Sam McCloud is a rustic country sheriff from a rural part of the United States. He travels to the big city and joins the police force, using his country ways and laid-back approach to nab the bad guys.
Centers on Robert T. Ironside, a tough, sexy and acerbic police detective relegated to a wheelchair after a shooting who is hardly limited by his disability as he pushes and prods his hand-picked team to solve the most difficult cases.
Citizens of San Francisco are stunned by the news that Robert Ironside, the city's hard-nosed, tough-talking chief of detectives, has been shot and left for dead while vacationing at his ... See full summary »
Chief Ironside has just retired and is looking forward to running his vineyard with his wife. But his retirement is interrupted when his old friend and colleague Ed Brown, who is now ... See full summary »
Ironside is confined to a wheel chair (an attempted assassination left him paralyzed). With his former assistants Brown and Whitfield (later Belding) and former delinquent (and later lawyer) Mark, he combats crime for the San Francisco police from his mobile office (a van) while leaving a pot of chili cooking back at headquarters. Written by
Ed Stephan <firstname.lastname@example.org>
Steven Bochco, who would later became one of the most successful television producers of the 1980's and 90's, worked on the series very early in his career. He had been hired by Executive Producer Frank Price at the start of the first season to write a few extra minutes worth of scenes in the first six episodes, which were too short. After looking at these episodes, Bochco asked Price if it was really necessary for him to do this for all six because he didn't think the show would last that long. According to Bochco, Price was not happy with the remark and this was the start of a strained relationship between the two of them that continued when Price was in charge of Universal Television and Bochco was a writer there. See more »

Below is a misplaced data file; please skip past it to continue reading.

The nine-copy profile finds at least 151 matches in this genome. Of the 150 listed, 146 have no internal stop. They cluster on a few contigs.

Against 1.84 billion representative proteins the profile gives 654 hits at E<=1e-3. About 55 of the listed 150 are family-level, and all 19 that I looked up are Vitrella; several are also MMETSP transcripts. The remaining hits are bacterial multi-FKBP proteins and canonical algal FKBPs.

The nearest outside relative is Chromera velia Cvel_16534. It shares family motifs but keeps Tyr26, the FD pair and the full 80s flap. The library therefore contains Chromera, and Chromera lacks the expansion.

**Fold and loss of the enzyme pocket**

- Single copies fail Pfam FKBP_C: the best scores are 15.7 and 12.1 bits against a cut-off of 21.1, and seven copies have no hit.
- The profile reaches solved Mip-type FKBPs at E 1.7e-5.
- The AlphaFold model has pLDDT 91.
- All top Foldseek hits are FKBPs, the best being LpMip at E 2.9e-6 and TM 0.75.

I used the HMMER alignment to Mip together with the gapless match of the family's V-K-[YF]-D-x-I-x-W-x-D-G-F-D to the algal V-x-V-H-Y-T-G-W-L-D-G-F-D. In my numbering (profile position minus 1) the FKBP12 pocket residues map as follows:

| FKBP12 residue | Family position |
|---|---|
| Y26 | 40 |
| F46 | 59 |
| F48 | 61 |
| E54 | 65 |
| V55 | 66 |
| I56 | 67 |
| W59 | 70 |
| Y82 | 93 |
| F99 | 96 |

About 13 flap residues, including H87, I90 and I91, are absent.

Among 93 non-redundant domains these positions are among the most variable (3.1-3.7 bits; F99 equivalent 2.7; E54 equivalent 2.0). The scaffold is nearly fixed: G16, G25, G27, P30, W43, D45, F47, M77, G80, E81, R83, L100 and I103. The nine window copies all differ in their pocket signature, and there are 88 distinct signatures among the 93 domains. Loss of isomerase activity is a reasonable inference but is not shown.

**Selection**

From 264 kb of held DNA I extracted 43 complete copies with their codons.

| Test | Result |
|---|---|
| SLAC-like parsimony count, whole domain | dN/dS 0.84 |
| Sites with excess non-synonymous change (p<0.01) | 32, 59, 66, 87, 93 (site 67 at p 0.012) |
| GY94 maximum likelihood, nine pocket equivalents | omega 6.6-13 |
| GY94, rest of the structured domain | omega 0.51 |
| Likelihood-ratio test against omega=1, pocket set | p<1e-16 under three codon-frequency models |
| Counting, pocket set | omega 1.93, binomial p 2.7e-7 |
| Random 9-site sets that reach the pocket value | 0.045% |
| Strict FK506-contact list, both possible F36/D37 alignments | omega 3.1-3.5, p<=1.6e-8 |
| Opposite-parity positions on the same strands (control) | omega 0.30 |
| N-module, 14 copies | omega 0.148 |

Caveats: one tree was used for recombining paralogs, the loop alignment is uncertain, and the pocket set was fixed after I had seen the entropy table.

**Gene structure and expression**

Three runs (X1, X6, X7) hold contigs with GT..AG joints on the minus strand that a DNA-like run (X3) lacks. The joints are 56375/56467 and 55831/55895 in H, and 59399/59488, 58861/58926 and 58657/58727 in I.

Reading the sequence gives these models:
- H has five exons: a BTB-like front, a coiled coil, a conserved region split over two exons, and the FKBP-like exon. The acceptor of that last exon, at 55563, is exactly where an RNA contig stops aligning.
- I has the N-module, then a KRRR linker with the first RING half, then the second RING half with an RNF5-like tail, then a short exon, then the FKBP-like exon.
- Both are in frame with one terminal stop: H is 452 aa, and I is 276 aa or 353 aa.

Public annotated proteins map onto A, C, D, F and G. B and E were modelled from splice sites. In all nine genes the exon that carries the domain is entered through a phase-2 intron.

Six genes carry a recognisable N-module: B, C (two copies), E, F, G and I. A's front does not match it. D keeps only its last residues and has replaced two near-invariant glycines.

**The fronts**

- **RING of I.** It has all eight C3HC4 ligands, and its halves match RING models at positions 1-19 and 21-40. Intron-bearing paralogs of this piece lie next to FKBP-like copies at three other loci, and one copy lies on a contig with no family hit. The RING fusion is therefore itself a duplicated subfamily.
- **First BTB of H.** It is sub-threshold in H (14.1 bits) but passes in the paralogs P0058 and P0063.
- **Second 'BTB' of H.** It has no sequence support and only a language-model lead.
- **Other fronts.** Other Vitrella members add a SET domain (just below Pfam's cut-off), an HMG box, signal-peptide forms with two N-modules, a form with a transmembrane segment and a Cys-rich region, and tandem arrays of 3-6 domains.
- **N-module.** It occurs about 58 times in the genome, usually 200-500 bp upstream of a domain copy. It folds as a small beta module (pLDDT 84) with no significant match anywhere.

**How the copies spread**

I have fond memories of watching this well crafted detective show during my growing up years. The series portrays the story of San Francisco Chief of Detectives, Robert Ironside, who has been hit by a sniper's bullet, paralyzing him from the waist down. Confined to a wheelchair, he must forego his previous detective position but stays on with the Police Department as sort of a consultant. Ironside ferrets out crime while working from a special Police Department office complete with exercise equipment and sleeping facilities. Assisting him is his own special unit, a diverse trio consisting of regular cop Detective Sargent Ed Brown, educated policewoman Eve Whitfield, and black ex con Mark Sanger. During the course of the series Sanger progresses from Ironside's bodyguard to a police officer and finally a lawyer.
In this series we see this formerly tough Chief of Detectives endeavouring to nail San Francisco's bad guys, all the while coping quite successfully with his recent disability. The program shows that this previously high profile crime fighter can still lead an equally productive life from his wheelchair. The show reveals his character development as well as his interactions with the trio of assistants, all providing viewer interest in addition to the crime solving elements.
Raymond Burr, alias Perry Mason, was born to solve TV crimes! The actor gives a masterful performance here as the wheelchair bound Ironside. This is generally quite an engaging detective series and frankly, I wish that there was more TV programming of its quality these days.
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